It pays to have a goalkeeper with proactive distribution. Boyce-Clarke bowled a powerful throw down the left which didn't quite find Ehibhatiomhan, but he won the ball off the Ipswich defender nonetheless with some dogged pressure. It gave him a clear run at goal from the left flank, and he did just that before slotting home past the 'keeper from a tight(ish) angle.
Reading were in the ascendancy at that point, with the crowd right behind them, and you wouldn't have bet against a home winner. But the Royals didn't quite have enough to unlock Ipswich's defence, leading to the dreaded lottery of the penalty shootout.
All in all, an underwhelming showing, but caveated heavily with the inexperience of our side and the quality of the visitors. Unlike Millwall in the previous round, Ipswich largely performed with the quality of a Championship side going up against a third-tier one. Reading were second best to Ipswich on the night and, although the visitors had also made plenty of changes, their advantages on experience and being that bit further along in their development as a team (Kieran McKenna joined as manager in 2021) were evident.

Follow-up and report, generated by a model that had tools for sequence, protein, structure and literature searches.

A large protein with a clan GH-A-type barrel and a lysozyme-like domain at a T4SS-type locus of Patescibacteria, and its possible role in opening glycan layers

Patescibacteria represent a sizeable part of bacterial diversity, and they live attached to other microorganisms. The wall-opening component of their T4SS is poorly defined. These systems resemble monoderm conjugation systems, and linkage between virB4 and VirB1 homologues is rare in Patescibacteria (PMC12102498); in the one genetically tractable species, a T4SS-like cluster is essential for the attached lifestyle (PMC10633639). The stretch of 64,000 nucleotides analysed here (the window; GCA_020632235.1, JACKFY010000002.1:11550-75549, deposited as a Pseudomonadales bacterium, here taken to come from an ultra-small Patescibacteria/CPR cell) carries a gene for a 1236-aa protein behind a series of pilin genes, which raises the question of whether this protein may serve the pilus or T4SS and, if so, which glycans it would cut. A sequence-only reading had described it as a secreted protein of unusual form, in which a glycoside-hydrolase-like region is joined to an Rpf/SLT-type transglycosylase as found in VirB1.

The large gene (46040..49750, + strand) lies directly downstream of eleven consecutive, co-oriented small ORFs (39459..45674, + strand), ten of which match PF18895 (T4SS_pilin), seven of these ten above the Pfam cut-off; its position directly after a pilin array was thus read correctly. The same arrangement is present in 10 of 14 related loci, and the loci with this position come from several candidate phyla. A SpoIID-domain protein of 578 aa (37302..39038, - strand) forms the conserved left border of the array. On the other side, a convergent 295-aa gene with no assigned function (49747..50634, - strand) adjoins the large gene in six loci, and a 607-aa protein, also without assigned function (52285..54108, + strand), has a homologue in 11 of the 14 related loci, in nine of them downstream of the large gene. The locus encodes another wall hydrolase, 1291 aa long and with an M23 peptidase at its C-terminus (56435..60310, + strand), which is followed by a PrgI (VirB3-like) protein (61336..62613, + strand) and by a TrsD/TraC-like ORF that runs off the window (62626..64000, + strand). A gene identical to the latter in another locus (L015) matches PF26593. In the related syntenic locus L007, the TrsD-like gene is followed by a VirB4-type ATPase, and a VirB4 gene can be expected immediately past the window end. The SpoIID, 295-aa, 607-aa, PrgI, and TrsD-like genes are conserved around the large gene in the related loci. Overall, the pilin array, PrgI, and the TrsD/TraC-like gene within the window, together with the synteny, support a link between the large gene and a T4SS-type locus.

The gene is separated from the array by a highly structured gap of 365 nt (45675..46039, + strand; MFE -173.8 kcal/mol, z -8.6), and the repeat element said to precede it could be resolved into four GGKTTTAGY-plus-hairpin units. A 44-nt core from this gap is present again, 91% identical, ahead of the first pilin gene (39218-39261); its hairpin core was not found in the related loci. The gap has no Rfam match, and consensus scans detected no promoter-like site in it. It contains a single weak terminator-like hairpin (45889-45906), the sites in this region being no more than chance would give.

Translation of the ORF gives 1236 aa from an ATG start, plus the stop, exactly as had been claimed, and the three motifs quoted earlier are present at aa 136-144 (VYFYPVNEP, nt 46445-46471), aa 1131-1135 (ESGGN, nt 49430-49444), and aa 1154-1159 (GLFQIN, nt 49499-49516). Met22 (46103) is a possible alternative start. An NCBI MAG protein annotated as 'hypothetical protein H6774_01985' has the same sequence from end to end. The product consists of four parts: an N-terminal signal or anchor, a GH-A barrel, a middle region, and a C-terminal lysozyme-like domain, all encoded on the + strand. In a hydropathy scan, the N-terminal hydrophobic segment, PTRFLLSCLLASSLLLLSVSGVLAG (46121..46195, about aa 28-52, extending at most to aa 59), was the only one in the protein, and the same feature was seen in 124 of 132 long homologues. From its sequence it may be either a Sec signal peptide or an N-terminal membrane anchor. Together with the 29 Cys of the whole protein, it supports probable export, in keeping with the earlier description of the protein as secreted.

There were positives though, absolutely. Reading's determination to stay in the game - whether in holding the visitors off for a while at 1-0 or with sticking in there at 1-2 before claiming the equaliser - was encouraging. One player in particular also made a case for game time in the league: Michael Craig, who excelled in midfield and looks to be a worthy understudy for Sam Hutchinson.
Going out of this competition could also be a blessing. Reading were set for a busy autumn anyway, even before considering a rearranged match against Bristol Rovers, so one less cup tie is probably a good thing. Instead we can focus on the league and our march to Wembley via the Papa John’s Trophy.